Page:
CCJ awards costs, which could run into millions for Jagdeo, Ali in elections case
The Caribbean Court of Justice (CCJ) has awarded costs to now President Dr Irfaan Ali and Vice President Bharrat Jagdeo following its judgment in the Eslyn David elections case.
In a written Order on July 31, the Court, which serves as Guyana apex court, issued a directive stating that: “Costs before the Caribbean Court of Justice are awarded to Messrs Ali and Jagdeo to be paid jointly and severally by the Attorney General, Ms David and Mr Harmon certified fit for two counsels to be taxed in default of agreement.”
Prior to the case being escalated to the CCJ, it was before the Court of Appeal, and costs incurred by Ali and Jagdeo at that court were also granted by the CCJ.
“Costs are awarded in the Court of Appeal to Messrs Ali and Jagdeo to be paid by Ms David certified fit for two counsel to be taxed in default of agreement,” the CCJ’s Order reads.
The Appeal Court had initially ordered in its June 22 ruling that each party was to bear its own costs. These require the costs to be paid unless there is an agreement between the parties not to do so.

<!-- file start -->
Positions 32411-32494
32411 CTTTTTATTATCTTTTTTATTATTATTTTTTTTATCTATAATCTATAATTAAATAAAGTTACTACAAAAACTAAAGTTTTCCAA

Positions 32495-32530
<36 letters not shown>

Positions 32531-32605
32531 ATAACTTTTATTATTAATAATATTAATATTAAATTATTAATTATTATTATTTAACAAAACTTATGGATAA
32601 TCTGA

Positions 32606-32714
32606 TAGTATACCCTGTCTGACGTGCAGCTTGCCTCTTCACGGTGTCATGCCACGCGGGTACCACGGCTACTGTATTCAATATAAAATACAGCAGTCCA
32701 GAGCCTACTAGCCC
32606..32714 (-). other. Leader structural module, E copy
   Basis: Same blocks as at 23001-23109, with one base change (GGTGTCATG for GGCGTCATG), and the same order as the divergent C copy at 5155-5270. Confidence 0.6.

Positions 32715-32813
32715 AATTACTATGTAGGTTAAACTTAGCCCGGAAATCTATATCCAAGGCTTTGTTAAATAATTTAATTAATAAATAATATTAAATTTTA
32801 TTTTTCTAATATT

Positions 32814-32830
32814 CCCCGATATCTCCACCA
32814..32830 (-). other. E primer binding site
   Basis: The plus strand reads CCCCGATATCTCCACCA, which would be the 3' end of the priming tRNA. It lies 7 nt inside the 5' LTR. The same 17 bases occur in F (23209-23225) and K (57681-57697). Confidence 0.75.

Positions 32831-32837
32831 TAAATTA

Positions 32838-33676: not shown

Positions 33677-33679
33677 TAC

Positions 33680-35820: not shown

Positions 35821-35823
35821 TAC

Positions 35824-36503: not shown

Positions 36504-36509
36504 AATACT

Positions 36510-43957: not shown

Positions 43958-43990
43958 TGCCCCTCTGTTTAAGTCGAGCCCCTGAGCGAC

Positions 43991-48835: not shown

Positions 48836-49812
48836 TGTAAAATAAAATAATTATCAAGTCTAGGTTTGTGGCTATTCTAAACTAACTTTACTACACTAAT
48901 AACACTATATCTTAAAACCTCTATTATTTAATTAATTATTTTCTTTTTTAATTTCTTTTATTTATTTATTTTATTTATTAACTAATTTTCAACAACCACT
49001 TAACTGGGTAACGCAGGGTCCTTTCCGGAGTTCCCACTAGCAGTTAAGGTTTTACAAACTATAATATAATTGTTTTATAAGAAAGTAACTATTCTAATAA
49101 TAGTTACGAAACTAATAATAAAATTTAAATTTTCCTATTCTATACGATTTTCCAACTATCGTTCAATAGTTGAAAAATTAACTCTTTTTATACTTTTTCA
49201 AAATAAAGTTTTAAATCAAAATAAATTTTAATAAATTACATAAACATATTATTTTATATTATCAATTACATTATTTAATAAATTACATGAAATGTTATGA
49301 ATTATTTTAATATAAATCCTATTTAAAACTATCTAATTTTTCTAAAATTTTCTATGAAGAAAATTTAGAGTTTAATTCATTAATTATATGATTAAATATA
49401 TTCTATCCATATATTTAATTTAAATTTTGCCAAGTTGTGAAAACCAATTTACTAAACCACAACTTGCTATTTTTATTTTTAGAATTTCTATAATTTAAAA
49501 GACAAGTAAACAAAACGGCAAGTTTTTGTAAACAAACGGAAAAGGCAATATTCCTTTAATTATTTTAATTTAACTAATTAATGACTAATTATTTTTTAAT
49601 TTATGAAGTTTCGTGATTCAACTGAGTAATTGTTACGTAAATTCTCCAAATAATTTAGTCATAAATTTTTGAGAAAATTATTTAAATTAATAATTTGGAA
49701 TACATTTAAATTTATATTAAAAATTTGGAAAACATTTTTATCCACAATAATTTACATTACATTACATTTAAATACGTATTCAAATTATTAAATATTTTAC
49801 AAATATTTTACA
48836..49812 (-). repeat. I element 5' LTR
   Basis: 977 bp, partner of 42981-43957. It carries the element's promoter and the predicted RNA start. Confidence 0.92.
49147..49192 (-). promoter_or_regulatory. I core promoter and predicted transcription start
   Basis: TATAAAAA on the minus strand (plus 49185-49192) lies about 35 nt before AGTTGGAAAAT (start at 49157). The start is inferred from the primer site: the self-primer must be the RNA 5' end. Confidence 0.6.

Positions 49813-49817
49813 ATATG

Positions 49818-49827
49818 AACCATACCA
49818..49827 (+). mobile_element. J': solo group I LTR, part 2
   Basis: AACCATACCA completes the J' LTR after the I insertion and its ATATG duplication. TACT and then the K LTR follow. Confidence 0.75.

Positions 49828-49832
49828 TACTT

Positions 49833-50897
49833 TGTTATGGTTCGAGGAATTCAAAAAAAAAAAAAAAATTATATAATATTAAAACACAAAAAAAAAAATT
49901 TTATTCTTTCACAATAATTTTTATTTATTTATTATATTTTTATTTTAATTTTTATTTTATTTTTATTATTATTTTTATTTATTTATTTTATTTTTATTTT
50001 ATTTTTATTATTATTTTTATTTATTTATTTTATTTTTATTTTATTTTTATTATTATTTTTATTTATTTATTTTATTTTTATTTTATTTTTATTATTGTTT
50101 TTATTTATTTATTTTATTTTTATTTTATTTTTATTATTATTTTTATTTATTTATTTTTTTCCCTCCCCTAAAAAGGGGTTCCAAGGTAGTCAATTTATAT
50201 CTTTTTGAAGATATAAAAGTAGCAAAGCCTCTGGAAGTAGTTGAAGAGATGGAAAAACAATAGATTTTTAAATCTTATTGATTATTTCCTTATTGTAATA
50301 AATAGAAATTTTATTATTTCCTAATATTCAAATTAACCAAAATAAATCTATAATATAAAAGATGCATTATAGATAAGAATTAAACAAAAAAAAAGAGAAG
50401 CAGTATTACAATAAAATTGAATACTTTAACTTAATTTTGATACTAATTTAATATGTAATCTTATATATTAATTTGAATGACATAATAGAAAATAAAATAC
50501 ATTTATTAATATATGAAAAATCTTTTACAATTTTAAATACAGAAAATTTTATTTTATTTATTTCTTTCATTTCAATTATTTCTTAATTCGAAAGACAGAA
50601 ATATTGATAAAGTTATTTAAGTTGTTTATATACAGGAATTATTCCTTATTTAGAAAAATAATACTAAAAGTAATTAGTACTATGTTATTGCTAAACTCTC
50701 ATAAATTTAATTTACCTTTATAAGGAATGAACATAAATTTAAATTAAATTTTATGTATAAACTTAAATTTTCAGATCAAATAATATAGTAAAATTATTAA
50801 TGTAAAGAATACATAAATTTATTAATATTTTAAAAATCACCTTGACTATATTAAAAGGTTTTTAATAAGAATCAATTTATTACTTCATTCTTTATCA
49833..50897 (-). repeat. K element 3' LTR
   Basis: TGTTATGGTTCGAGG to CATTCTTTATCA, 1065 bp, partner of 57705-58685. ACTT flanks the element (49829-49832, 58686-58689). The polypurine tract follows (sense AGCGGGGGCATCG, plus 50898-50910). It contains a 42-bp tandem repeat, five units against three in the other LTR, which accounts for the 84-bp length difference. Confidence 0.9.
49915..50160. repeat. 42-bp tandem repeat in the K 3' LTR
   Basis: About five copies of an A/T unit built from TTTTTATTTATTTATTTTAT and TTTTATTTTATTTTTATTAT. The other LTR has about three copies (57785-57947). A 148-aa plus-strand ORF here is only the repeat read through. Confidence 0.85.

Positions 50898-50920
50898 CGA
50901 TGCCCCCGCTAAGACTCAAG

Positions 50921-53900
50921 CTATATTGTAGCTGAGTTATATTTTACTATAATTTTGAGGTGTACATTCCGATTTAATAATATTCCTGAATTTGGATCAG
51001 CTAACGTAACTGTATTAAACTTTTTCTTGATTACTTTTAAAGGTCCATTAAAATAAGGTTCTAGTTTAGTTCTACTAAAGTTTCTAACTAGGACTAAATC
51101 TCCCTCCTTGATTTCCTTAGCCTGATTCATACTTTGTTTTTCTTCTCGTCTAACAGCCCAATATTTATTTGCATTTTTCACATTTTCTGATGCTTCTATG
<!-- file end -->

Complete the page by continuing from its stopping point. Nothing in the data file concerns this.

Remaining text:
But according to newly-appointed Attorney General and Minister of Legal Affairs, Anil Nandlall, an agreement is unlikely. Nandlall was one of the attorneys who represented Jagdeo and Ali in the case.
Nandlall explained that the costs for two counsel will require an elaborate Bill of Costs to be submitted to the Court, which would include all of the expenses associated with the two appeals.
The costs will cover things such as stationery, photocopies, filing fees, preparation of pleadings, preparation of written submissions, preparations for oral arguments, and appearances in the courts.
Nandlall revealed that the photocopying cost alone for one of the two appeals was approximately G$500,000.
“The charge out rate for one counsel approximates to several hundred US dollars per hour. In short, several millions of dollars will have to be paid in cost by those against whom Orders are directed,” he said, adding that this is the cost of frivolous, vexatious and abusive litigation.
The PPP had maintained during several legal battles during the prolonged electoral process that the APNU+AFC was abusing the courts by bringing cases which were frivolous in nature and had no chance of success.
David, an agent of the now-ousted APNU+AFC coalition, had approached the court seeking to have it block the Chief Elections Officer (CEO) from presenting his final elections report reflecting the certified votes from a national recount.
Those certified results showed that the PPP won the March 2 General and Regional Elections by a handsome margin of 15,000 votes.
David also sought an order restraining the CEO from complying with the directive of the Chairperson of the Guyana Elections Commission, although the law says that he is subject to the “direction and control” of the Commission.
However, the Appeal Court denied all of these reliefs sought by David, and attempted, what would later be described by the CCJ as an “unlawful,” to interpret “more votes are cast” to mean “more valid votes are cast.”
The matter was then appealed by Ali and Jagdeo to the CCJ, and the Court of Appeal’s decisions were overturned.